1. SubscriberAThousandYoung
    All My Soldiers...
    tinyurl.com/y9ls7wbl
    Joined
    23 Aug '04
    Moves
    24791
    04 Mar '09 06:56
    Seasons are caused by the tilt of the Earth's axis of rotation. Now, imagine a planet which has an axis of rotation exactly perpendicular to the plane of it's orbit, yet still has seasons...how?

    The planet's orbit is not circular. It's elliptical. Therefore the planet is sometimes closer to it's sun, and sometimes farther, and the distance is significant enough to change the average temperature.

    As a result the equator experiences seasons, and there are two summers and two winters per revolution around the sun.

    Assuming the planet is otherwise like Earth, and the sun is like our Sun...

    Describe the ellipse necessary to create seasons comparable in average temperature to the ones we experience on Earth in the temperate zones.

    😕
  2. Standard memberleisurelysloth
    Man of Steel
    rushing to and fro
    Joined
    13 Aug '05
    Moves
    5930
    04 Mar '09 08:16
    Originally posted by AThousandYoung
    The planet's orbit is not circular. It's elliptical. Therefore the planet is sometimes closer to it's sun, and sometimes farther, and the distance is significant enough to change the average temperature.

    As a result the equator experiences seasons, and there are two summers and two winters per revolution around the sun.
    Two summer and two winters per revolution? Why?
  3. Joined
    02 Mar '06
    Moves
    17881
    04 Mar '09 08:35
    Originally posted by leisurelysloth
    Two summer and two winters per revolution? Why?
    only explanation i can think of is the sun is smack dab in the middle of the two focii? and so at the edges of the minor axis of the ellipse earth is experiencing summer, and at the ends of the major axis earth experiences winter? but i don't know the physics behind why earth would be traveling around a relatively "central" point in an elliptical orbit... seems counter-intuitive to me.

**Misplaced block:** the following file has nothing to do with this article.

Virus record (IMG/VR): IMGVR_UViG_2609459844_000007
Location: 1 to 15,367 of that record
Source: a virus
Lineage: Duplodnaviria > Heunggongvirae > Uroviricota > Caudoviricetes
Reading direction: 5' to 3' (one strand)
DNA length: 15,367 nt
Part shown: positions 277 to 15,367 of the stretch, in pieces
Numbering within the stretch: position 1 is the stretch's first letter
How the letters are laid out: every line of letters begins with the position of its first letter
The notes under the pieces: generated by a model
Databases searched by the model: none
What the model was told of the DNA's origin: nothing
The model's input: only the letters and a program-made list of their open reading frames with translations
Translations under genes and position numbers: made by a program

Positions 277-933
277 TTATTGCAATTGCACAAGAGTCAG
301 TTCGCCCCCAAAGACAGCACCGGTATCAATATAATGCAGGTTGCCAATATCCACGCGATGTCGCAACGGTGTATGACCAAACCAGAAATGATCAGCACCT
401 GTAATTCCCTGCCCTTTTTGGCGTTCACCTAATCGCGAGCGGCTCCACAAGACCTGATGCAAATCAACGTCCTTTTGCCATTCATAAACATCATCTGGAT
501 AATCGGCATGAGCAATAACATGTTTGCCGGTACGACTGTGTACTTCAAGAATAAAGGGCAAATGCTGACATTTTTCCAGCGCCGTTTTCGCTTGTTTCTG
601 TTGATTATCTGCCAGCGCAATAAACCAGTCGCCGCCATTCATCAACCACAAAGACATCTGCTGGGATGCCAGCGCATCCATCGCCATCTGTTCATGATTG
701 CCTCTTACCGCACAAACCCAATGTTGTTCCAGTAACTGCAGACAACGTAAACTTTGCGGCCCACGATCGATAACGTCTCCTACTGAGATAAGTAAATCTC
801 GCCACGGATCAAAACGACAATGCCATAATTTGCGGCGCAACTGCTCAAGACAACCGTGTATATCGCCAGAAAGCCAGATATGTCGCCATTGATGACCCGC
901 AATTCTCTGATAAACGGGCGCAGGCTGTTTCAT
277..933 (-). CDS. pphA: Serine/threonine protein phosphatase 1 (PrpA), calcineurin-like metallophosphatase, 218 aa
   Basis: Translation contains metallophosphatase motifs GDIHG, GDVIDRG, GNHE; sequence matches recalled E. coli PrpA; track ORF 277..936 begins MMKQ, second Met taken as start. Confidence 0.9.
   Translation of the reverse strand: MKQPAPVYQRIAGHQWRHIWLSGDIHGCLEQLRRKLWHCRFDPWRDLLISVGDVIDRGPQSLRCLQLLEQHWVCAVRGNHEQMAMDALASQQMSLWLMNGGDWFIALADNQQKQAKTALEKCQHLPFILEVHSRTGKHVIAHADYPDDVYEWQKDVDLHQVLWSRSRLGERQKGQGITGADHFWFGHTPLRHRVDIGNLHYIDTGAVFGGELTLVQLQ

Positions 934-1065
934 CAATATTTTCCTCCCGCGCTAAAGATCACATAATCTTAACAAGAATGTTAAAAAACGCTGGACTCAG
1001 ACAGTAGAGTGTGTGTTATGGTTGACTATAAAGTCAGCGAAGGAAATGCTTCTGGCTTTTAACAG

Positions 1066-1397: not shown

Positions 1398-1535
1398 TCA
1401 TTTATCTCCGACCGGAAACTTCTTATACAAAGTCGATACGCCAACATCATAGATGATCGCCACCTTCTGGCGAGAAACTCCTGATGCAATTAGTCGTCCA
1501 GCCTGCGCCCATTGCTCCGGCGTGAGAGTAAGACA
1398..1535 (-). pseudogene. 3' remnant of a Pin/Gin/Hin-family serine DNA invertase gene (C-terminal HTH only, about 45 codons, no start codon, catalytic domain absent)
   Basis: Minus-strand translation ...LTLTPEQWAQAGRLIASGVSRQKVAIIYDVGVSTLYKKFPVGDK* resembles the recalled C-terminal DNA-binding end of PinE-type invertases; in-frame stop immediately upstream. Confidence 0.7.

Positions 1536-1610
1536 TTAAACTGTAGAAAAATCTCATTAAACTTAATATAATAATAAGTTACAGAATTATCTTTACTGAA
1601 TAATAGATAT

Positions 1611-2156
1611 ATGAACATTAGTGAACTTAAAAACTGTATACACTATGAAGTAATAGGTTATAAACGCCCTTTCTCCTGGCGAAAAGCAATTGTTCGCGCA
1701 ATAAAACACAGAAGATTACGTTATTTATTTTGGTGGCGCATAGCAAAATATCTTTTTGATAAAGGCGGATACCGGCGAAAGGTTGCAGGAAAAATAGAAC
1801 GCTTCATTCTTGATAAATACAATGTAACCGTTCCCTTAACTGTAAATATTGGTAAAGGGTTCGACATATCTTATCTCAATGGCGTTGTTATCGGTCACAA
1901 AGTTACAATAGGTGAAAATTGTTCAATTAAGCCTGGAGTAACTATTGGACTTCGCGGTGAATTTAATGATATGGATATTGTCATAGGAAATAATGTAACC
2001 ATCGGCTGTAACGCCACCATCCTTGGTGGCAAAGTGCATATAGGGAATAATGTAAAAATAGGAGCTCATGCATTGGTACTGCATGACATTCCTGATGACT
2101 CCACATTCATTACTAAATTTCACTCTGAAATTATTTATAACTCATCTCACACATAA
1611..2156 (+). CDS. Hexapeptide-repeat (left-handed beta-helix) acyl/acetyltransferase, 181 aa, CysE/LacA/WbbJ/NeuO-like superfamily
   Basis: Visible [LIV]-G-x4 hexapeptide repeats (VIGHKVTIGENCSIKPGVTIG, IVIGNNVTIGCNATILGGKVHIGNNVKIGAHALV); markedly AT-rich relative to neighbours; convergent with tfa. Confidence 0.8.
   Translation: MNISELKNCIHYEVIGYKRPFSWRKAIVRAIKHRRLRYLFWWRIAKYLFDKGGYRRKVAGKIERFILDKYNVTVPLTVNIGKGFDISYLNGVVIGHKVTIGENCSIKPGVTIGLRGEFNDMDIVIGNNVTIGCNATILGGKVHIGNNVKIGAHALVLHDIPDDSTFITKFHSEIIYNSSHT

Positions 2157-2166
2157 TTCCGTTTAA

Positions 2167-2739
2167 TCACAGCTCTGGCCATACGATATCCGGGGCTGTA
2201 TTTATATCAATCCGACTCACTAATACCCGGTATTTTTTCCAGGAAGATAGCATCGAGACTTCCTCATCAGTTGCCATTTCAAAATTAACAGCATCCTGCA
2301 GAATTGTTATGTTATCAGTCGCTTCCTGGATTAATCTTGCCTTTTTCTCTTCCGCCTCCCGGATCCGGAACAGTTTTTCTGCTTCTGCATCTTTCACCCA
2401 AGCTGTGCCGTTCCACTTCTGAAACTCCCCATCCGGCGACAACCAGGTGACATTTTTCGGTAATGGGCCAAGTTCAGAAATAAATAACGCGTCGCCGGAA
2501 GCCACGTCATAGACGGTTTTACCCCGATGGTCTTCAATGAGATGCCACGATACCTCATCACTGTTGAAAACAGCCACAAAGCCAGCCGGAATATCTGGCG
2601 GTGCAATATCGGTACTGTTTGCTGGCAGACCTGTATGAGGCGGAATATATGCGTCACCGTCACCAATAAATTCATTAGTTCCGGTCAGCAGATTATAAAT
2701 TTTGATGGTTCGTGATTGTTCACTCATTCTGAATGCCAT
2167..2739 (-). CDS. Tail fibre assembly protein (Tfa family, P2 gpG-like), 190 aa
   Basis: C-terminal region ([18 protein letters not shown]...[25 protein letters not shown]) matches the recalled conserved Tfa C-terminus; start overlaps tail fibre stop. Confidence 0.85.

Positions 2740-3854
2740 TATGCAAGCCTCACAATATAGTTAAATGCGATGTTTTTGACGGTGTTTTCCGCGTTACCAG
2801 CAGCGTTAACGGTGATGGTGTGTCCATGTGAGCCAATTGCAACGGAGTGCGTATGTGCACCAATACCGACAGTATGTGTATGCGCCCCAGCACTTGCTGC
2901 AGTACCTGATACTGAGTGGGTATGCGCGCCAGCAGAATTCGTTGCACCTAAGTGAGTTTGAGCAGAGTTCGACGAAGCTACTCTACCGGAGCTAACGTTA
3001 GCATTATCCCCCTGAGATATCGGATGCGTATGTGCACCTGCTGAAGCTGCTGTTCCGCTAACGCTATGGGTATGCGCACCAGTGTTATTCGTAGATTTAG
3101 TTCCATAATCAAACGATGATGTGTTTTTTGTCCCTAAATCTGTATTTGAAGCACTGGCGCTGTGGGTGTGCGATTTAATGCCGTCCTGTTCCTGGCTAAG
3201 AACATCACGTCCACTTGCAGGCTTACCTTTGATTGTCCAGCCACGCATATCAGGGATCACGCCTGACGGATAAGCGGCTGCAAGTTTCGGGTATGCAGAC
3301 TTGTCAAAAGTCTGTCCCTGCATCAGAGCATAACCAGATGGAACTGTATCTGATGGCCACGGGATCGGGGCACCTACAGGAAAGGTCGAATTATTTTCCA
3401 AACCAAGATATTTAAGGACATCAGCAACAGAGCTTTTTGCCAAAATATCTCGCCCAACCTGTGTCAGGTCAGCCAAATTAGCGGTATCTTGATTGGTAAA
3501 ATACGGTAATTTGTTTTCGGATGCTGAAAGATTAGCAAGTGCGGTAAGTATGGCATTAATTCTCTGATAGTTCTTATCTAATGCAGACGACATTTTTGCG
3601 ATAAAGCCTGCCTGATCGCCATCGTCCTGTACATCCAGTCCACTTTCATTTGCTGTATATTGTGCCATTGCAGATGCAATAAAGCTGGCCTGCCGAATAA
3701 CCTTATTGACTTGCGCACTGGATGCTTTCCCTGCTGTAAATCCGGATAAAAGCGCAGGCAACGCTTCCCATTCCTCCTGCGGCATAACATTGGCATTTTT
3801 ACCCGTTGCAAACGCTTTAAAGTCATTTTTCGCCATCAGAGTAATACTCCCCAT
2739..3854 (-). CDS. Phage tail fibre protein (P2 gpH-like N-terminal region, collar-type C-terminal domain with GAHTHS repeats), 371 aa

4. Dublin
    Joined
    07 Feb '05
    Moves
    8158
    04 Mar '09 12:57
    Originally posted by Aetherael
    only explanation i can think of is the sun is smack dab in the middle of the two focii? and so at the edges of the minor axis of the ellipse earth is experiencing summer, and at the ends of the major axis earth experiences winter? but i don't know the physics behind why earth would be traveling around a relatively "central" point in an elliptical orbit... seems counter-intuitive to me.
    The sun is always at one of the foci, isn't it?
  5. Joined
    02 Mar '06
    Moves
    17881
    04 Mar '09 18:49
    Originally posted by Schumi
    The sun is always at one of the foci, isn't it?
    that's the way it should work, but then annually there would be a summer a winter, and two similar seasons resembling fall and spring... but the OP said there were supposed to be two winters and two summers so i was trying to construct a way in which this was possible.
  6. SubscriberAThousandYoung
    All My Soldiers...
    tinyurl.com/y9ls7wbl
    Joined
    23 Aug '04
    Moves
    24791
    04 Mar '09 20:00
    Originally posted by Schumi
    The sun is always at one of the foci, isn't it?
    I got this from some other forum, and the same thing was pointed out. OK. Forget the two summers and winters then.
  7. Joined
    12 Sep '07
    Moves
    2668
    22 Mar '09 02:46
    How about Terry Pratchett's Discworld?
  8. Standard memberwolfgang59
    howling mad
    In the den
    Joined
    09 Jun '07
    Moves
    45641
    23 Mar '09 21:58
    This is still a valid question. How eccentric would an orbit have to be to emulate the Earths tilt?

    Without googling I seem to remember that we get 5% extra energy at perigee which occurs in early January. How that affects climate/seasons I have no idea.

    Is the Earth as a whole warmer in JaN?

    Cooler in July?
Back to Top